The share of young people aged 18-34 living with parents
The most of young adults (73.2 percent) live with their parents in Croatia, the least (18.7%) in Denmark.
Ten European countries the highest proportion of young adults between 18-34 years living at home:
- Croatia – 73.2%
- Slovakia – 29.9%
- Malta – 67.3%
- Greece – 67.2%
- Italy – 66.4%
- Portugal – 63.4%
- Spain – 61.2%
- Slovenia – 60.2%
- Poland – 60.0%
- Hungary – 59.6%
The share of young people aged 25-34 living with parents
“Across both Northern and Southern Europe, there has been a trend towards remaining in the parental home for a longer period of time, with the Netherlands being the only significant exception. Even in Southern European countries, where living in the parental home for extended periods of time is a well-established pattern, there have been significant increases in the proportions remaining at home into their late twenties. In Portugal, for example, the proportion of 20-24-year-olds living with their parents rose from 75 to 82 percent between 1987 and 1995, and amongst 25-29-year-olds, from 39 to 49 percent. Similar trends are evident in Italy and Spain. Elsewhere in Europe, young adults in former Eastern bloc countries have also become increasingly dependent on their parents following the collapse of Communism in the late 1980s.”
Today 36.5% of 25-29-year-olds live with their parents.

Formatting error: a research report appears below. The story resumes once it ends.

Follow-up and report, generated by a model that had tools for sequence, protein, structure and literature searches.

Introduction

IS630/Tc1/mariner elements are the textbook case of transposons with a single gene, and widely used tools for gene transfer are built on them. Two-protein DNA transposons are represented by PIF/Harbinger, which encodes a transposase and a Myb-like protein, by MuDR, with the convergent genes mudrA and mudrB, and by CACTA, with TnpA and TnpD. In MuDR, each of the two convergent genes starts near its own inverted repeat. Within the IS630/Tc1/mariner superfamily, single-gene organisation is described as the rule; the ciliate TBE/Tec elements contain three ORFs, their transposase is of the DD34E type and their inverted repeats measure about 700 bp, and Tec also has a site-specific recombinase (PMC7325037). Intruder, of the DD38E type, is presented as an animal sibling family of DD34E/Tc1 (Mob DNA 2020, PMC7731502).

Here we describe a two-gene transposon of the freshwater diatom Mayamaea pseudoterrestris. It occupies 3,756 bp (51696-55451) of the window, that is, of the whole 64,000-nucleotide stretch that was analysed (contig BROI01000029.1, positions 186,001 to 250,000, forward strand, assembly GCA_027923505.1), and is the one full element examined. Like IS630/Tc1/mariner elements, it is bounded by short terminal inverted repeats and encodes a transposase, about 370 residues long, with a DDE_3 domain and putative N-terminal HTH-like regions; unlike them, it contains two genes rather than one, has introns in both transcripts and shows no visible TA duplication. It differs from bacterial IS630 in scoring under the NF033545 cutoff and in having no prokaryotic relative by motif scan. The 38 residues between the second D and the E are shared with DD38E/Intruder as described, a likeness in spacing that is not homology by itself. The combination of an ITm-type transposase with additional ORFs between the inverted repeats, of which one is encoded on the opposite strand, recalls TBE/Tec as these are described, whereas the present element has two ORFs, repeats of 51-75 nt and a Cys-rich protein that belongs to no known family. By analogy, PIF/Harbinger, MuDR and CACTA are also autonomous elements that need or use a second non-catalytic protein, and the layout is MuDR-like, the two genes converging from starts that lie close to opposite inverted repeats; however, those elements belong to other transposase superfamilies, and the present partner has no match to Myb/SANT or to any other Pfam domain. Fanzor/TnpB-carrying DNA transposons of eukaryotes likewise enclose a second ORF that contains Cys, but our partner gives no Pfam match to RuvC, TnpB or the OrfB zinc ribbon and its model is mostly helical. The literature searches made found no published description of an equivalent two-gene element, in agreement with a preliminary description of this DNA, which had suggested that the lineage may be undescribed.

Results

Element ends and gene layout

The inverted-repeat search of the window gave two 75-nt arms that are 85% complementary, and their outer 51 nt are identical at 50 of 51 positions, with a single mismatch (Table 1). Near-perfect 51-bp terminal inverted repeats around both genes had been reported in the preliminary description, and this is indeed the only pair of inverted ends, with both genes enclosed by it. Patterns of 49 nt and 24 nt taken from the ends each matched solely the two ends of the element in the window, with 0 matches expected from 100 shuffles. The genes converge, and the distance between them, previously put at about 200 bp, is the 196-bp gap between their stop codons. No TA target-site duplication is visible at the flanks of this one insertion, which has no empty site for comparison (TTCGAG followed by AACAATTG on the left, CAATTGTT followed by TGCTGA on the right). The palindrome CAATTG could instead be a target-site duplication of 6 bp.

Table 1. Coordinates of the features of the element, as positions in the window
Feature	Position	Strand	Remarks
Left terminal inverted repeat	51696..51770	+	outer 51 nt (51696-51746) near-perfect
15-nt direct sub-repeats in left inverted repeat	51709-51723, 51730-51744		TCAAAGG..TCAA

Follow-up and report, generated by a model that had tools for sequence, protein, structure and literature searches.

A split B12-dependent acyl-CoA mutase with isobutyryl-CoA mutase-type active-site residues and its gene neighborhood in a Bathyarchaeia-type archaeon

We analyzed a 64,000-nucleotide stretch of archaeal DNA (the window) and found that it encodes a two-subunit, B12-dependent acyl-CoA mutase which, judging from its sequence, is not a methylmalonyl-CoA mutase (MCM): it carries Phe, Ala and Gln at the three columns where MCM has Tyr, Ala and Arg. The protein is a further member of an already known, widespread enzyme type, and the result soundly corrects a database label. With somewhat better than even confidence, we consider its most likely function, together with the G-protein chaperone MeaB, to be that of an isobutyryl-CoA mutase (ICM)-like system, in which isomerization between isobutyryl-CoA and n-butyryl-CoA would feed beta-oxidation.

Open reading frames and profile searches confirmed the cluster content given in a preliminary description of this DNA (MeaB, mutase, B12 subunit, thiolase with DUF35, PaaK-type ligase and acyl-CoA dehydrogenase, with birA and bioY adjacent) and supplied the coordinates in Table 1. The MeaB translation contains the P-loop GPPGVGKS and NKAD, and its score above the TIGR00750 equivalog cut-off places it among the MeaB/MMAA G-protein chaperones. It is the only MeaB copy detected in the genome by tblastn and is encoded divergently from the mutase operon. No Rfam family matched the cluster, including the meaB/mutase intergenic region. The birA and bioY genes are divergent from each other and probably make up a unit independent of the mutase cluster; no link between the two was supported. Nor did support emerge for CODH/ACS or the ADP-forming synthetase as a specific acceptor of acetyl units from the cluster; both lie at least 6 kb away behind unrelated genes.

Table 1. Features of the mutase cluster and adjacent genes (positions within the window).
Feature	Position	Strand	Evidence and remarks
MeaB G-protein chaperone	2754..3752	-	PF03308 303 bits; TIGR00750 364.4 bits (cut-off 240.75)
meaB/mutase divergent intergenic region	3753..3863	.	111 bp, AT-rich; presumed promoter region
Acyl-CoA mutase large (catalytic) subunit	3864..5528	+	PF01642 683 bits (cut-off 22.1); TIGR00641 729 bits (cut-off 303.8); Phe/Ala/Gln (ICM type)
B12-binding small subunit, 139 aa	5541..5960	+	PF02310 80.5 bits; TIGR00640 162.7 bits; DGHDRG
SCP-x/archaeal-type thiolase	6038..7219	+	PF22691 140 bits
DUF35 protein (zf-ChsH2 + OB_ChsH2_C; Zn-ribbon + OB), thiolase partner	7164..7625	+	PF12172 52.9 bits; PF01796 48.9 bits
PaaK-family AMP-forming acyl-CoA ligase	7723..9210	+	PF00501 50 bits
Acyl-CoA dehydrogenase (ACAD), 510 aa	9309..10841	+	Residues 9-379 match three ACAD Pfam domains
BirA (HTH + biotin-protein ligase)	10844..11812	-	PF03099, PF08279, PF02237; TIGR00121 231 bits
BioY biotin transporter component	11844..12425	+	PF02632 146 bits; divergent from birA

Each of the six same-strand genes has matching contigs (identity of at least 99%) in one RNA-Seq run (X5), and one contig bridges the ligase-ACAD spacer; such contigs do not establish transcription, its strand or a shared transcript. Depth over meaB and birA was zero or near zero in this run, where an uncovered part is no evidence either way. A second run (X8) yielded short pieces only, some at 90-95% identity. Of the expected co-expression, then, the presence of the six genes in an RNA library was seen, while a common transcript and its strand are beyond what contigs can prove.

Reasons for first leaving home
Traditionally, the primary reasons for leaving home within most European societies have been to mary and to find work. However, the relationship between leaving home and marriage has been gradually eroded in Britain and much of Northern Europe since the 1960s, with an overall decline in marriage rates and increase in the median age of first marriage. The proportion of young people leaving home in order to form a couple households through either marriage or cohabitation is actually in decline.
With the expansion of higher education in the United Kingdom, increasing number of young people now leave for the first time in order to attend university, notwithstanding the gradual increase in the proportion of students – albeit still a minority – who remain within the parental home throughout their studies. In continental Europe, with a few exceptions, it is still far more common for students to attend local universities, rather than moving away from home to study.
There is also an increasing trend for young people to leave home primarily in order to achieve independence from the parental home.
S. Heath, E. Cleaver Young, Free, and Single?: Twenty-Somethings and Household Change